Reduce our economy’s dependence on oil… We’ve been hearing that for 16 years. And furthermore, what are we actually going to export in place of raw materials? Our own manufactured goods? Excellent thought. Of course, some trifling questions arise: who’s making anything and who’s going to buy anything we make – in the outside world and in Russia itself?..

All in all then, no fateful economic solutions here. As I have previously emphasised, neither here NOR anywhere else in the world. But our habit of recent years of successfully resolving everything in brutal leaps (with an anti-American sideways glance) is playing a cruel trick on us in this case: now we want to put our foot into the stirrup but the horse has moved away. Not nice.

Medvedev’s speech contains no response of any sort to the challenge of the economic crisis.

The Obama Challenge

The Obama challenge is not commensurate with the crisis but looms large nonetheless.

The clear and simple picture of American imperialism has “gone dark”. “Obama in a pith helmet”… Can’t draw that… How can one caricature…

Yes, we truly have a right muddle here. They did it on purpose to confuse us and lead us astray.

The phrase “black American imperialist” invites rejection. And just look at the reaction. In Kenya, they’re celebrating the election of this African American and Chavez has already rushed to congratulate him, almost to the point of giving him a hug!… At this rate, we’ll soon be the “white imperialists”… And how do we get an anti-American front going then!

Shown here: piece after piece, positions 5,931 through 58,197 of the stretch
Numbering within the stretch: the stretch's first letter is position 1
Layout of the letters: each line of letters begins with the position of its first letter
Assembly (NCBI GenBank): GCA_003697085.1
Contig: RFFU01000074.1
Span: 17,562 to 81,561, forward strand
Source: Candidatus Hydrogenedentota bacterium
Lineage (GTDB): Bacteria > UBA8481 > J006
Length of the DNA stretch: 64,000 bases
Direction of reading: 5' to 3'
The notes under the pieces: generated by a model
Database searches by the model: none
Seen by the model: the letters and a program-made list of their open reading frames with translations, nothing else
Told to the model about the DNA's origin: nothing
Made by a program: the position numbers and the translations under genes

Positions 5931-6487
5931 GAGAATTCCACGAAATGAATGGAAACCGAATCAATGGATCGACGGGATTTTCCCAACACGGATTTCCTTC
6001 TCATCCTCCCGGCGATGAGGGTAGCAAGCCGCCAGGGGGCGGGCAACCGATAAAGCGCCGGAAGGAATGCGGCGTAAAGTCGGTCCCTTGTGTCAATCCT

And another nasty thing: electing Obama has demonstrated America’s STYLE. Open to change, a flexible élite – in a word: democracy.

Be all that as it may, Russia has responded to the Obama challenge.

First: rockets in Kaliningrad.

Second: a 6-year term for the president. Half as much longer than the American president’s! Why half as much again? Well, for democracy, of course, in which the people have faith. Clearly our people trust their president to rule them for 50% percent longer.

You have changes of the élite. We have stability and consistency.

To each his own.

As for the rockets, I honestly don’t see what all the fuss is about. If Russia intends to start a ROCKET WAR with Europe and the USA, it will manage that somehow with or without Iskanders in Kaliningrad. And if it does NOT intend to have such a war, the Iskanders will just sit on their launchers.